Gov. Christie has become an embarrassment to many in New Jersey. Any doubt that blind ambition has overtaken his responsibility to govern the state was dispelled when he dropped out of the presidential race only to rejoin it as one of Donald Trump's most ardent admirers.
Just weeks ago Christie was calling Trump a "carnival barker" who wasn't fit to be president. "Showtime is over. We are not electing an entertainer-in-chief," said Christie. "Showmanship is fun, but it is not the kind of leadership that will truly change America."
But that was then; this is now. "I will lend my support between now and November in any way for Donald," Christie said Friday. He insisted that there's no deal for him to become Trump's running mate, but said that as Trump's "highest level endorser," the millionaire candidate will have "to hear my points of view."
Trump hears a lot of points of view before ignoring them. Christie will be treated like any other acolyte who carries Trump's water. Christie all but acknowledged his role by immediately aiming verbal darts at Mario Rubio's quest for the Republican nomination. Ted Cruz no doubt expects Trump to sic Christie on him too.
Christie's metamorphosis from Trump hater to Trump puppy so upset the New Hampshire Union Leader and Boston Herald that the two newspapers published editorials regretting their earlier endorsements of Christie for president. Meanwhile, six Gannett-owned newspapers in New Jersey have asked Christie to resign, saying they were "disgusted" by his Trump endorsement.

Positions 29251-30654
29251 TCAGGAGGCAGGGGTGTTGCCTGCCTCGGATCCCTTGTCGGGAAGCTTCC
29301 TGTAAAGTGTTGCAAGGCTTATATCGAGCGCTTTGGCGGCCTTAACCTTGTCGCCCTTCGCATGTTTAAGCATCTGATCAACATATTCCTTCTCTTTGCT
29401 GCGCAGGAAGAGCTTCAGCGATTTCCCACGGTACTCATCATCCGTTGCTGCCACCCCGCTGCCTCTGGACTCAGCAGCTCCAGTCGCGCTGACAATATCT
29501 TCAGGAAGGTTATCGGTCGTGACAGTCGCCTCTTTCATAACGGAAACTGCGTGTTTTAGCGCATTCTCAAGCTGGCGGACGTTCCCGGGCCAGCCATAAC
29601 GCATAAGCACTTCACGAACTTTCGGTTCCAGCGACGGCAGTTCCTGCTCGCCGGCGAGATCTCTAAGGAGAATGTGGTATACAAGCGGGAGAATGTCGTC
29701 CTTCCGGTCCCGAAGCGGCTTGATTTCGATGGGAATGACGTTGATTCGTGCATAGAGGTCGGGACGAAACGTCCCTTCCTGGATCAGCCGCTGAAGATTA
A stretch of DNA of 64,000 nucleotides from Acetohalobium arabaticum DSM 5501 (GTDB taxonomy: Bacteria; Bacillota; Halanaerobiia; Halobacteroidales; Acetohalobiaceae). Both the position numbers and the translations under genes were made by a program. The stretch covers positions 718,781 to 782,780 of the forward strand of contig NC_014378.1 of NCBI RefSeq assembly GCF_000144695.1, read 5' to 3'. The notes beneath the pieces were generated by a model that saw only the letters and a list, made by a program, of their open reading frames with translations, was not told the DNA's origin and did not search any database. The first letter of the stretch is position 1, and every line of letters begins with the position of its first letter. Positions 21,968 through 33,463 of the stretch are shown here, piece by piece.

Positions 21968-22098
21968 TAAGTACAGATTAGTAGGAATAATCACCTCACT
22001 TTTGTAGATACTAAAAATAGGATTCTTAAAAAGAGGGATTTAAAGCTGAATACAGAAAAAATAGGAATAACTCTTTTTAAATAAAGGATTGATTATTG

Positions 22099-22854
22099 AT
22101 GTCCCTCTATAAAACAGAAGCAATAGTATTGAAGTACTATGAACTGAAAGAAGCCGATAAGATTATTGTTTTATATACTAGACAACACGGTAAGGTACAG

There's also a lot of disgust for Trump within the Republican Party establishment, but it has no idea how to stop him from becoming the GOP nominee. Trump easily won primaries Tuesday in Alabama, Arkansas, Georgia, Massachusetts, Tennessee, Vermont and Virginia - and he did it by turning out record numbers of voters.
That's bad news for Democrats, who are having a hard time getting excited about Hillary Clinton. With Tuesday's primary victories, her nomination is within reach. But it's also bad news for the Republican Party. With Trump as its standard-bearer, it will be hard to be more inclusive. It was sickening to watch Trump equivocate when asked about his endorsement by a known Ku Klux Klan leader.
Some pundits say Trump could drag the Republican Party into the same death spiral as the Whigs of long ago. That's a stretch. But if the party is being hijacked, it has only itself to blame. Too often its indiscriminate embrace of tea-party ideologues opened the door for xenophobes and racists who had infiltrated some groups to enter the room. Add the steady drumbeat by GOP critics accusing President Obama of robbing America of its greatness and you give rise to a nabob of negativity like the Donald.